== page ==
A few days ago, I covered a story about a sister in Atlanta who had been paying rent every month to some scam artist who didn’t really own the property she’d been living on with her children — her 12 children — and as a result of that wickedness, she and her family were cowering under the inevitability of eviction and homelessness. It’s a situation that should illicit some level of disgust, maybe even outrage, especially considering the state was sniffing around for a reason to red flag her incompetence and wrangle her kids into foster care.
But a quick scroll through the comments section glazed over the preposterousness of the fraud and focused on another thing: the fact that she had birthed a dozen babies. How ghetto she is. How irresponsible her decision-making has been. How she’s a stereotype, a shame, and, basically, a bad representation of black womanhood. Now I’ll be the first to say that more kids than you can count on two hands is a whole lot of baby-makin’. But I thought, man oh man! Tough bunch. Not to be outdone here, on our very own pages of Clutch, a writer posted a piece about Nia Long’s cover story in the latest issue of Essence and the crowd proceeded to go wild, tossing judgments with devil-may-care abandon about women who bear children without being married.
The ubiquitous single mother took a serious licking that day because, according to readers, she should be wise enough to put her hand out for a ring before she pries her legs open to conceive. We (yes we, because I’m one in that number) got an eyeful of comments from the peanut gallery that let us know about ourselves, raw and uncut. I actually agree that single parenthood sucks and definitely shouldn’t be an intentional move (though Nia Long is a single woman who is co-parenting, which is a whole other animal than having to run her child-rearing operation solo). But more telling than splitting hairs about birth control oversights, I think, is the lack of empathy for other black women’s experiences, to the point where the conversations about each other cease to be constructive and start to be downright sadiddy.
There’s been a string of instances, as a matter of fact, that hint at a growing insensitivity for each other’s life walks. Maybe education is partly to blame; the divide between the haves and the have-nots is highlighted when you throw a little college in there and the at least middle-class lifestyle that usually comes with it. The opportunity for higher learning and self-improvement may just have made us into cultural snobs, even as we lob barbs against folks from the same darn culture. There’s a prevailing “us” and “them” mentality that gives ladies who fancy themselves to be more refined carte blanche to build a pedestal and stand on it so they can cast downward glances at the women on the other side in the ’hood. It’s happening a lot. Classism is putting our sense of sisterhood in a choke hold.
Lord in heaven knows I would never want to have half a dozen children, much less a full one. Janelle loves the kids and all, but my goodness, that’s a lot of work and a lot of money and a lot of stretch marks and morning sickness and uncomfortable nights of sleep. That said, though, I also know there are dynamics at play that make women who’ve grown up in different sets of circumstances more likely to have a string of babies by a string of different baby daddies the norm. It’s not always low-income residents or women who live in the ’hood. Not always, but often. That’s because there are prevalent patterns at play that put themselves on repeat in certain communities. We all know that. It’s not happenstance that there are consistent outbreaks of the same social pariahs in some neighborhoods than there are in others.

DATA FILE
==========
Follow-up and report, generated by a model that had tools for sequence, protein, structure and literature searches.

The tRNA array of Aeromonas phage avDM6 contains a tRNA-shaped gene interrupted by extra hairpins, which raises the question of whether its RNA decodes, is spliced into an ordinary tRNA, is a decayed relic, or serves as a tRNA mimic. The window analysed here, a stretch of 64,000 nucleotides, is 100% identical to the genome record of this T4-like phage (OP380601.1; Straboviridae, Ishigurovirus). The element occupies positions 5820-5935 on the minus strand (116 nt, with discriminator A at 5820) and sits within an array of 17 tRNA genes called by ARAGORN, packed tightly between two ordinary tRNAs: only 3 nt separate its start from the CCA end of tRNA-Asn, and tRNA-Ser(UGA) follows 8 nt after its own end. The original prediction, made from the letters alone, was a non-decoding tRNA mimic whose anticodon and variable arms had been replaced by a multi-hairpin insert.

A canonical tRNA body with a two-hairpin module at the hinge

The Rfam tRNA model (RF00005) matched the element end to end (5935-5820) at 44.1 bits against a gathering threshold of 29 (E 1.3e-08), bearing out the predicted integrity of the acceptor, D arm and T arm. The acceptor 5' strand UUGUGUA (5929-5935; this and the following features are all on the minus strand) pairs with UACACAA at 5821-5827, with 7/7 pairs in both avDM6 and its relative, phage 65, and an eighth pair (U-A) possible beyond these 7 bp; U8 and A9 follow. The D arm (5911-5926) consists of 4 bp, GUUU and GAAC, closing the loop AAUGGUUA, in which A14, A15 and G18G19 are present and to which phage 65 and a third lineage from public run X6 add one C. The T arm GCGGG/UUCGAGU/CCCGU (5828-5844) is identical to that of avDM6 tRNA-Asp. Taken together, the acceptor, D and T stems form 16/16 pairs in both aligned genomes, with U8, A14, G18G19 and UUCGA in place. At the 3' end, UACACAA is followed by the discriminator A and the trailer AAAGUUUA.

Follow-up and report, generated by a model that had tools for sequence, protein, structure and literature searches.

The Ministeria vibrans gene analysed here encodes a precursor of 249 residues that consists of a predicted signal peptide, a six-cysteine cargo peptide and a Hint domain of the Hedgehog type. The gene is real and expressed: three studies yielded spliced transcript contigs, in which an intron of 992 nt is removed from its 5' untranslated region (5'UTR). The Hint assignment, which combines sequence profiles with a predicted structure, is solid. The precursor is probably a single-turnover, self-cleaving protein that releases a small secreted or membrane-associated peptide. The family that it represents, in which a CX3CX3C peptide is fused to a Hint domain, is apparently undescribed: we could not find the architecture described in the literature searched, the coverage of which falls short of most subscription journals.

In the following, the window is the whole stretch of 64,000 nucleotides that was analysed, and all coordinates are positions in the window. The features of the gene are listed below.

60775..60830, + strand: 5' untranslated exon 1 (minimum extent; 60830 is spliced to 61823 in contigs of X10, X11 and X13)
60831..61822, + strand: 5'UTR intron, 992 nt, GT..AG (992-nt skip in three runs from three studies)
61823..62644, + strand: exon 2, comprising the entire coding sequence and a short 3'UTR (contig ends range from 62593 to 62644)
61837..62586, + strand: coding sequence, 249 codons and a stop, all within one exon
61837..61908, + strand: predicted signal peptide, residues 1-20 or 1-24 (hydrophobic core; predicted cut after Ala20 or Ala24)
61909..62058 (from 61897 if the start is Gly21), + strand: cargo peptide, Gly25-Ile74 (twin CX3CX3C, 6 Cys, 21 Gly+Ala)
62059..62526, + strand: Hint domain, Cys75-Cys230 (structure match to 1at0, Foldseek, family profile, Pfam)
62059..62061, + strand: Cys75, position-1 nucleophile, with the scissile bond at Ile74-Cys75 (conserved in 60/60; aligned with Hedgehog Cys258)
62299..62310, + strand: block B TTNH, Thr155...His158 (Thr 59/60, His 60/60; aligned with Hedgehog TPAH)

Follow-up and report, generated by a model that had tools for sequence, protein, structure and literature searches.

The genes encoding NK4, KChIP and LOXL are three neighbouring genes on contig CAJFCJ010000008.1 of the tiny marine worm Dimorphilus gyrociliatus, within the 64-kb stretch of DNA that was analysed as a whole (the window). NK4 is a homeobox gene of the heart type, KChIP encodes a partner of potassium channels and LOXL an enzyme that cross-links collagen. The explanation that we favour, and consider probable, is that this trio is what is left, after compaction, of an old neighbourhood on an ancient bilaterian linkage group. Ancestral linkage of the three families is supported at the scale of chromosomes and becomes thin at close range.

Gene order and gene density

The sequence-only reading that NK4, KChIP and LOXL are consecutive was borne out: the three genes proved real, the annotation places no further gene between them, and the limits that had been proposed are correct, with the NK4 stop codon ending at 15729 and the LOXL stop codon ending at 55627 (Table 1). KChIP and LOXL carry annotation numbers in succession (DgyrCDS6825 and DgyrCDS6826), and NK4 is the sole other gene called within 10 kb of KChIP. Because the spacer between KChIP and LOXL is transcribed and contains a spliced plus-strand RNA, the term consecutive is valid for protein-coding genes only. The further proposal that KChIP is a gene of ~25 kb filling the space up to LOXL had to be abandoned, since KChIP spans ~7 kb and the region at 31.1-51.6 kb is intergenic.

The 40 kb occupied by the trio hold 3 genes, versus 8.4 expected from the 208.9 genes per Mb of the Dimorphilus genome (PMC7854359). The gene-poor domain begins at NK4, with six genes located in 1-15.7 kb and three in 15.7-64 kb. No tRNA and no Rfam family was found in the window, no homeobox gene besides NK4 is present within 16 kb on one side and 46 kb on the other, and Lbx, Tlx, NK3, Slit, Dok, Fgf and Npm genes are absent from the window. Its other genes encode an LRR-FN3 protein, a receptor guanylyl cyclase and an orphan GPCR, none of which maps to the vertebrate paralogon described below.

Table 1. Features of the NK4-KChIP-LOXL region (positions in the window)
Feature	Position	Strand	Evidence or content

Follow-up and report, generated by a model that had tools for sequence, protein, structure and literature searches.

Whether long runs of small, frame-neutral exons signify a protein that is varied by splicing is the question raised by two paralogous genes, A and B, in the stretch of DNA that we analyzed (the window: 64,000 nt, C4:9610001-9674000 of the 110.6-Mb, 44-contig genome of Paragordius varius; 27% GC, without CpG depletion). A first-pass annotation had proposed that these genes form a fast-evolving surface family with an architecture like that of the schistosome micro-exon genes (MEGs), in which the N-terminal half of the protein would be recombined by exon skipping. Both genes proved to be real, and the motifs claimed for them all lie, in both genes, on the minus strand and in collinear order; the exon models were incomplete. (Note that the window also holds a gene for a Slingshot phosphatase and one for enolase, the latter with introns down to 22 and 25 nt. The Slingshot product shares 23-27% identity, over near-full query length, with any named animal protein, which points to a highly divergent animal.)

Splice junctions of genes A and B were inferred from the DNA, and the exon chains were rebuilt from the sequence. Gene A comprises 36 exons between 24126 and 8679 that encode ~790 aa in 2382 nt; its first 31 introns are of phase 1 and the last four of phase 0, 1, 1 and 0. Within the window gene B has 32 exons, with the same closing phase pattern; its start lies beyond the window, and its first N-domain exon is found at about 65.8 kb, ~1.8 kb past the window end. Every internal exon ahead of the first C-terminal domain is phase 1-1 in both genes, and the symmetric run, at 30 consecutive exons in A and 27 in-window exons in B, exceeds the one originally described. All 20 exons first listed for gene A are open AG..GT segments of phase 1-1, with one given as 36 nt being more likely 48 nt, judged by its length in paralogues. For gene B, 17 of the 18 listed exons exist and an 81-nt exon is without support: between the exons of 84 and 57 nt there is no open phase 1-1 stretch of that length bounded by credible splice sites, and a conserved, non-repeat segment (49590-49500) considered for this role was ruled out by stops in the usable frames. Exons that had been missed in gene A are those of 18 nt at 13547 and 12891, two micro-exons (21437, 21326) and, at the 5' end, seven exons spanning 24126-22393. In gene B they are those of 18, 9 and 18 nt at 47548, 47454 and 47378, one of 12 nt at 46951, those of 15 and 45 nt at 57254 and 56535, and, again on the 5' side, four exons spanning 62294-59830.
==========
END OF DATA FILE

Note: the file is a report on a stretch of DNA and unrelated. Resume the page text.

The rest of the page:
And while many of us have broken free of them to change our mindsets and carve out a better way, there are plenty of others still engulfed in the rote mistakes that keep them in bondage, even if they don’t realize they’re caught up in a cycle. If all you see is broken relationships and babies born out of wedlock, it’s not a big deal to continue the pattern. It’s a norm. Add in the fact that many of us struggle with low self-esteem on some level — not just low-income women, but all women — but many don’t have access to the resources to improve it, and a mother with 12 kids and maybe even 12 fathers for those 12 kids shouldn’t be a shock. Or a reason to judge.
All I’m saying is this: Have some empathy and solidarity for sisters. All sisters. Poor sisters. Rich sisters. Sisters with 12 kids. Sisters who don’t want kids at all. Sisters who make six figures. Sisters who pull out their EBT cards at the grocery store. There is value in each one of our stories, across class lines, and opportunities to learn and grow from everyone, not just the ladies who walk a similar walk. Society has already pigeonholed us into a tiny corner of valuation, where we’re only relevant if we’re cutting up on a reality TV show or shaking it fast on a video set. The last thing we need, en masse, is to build a hierarchy for ourselves.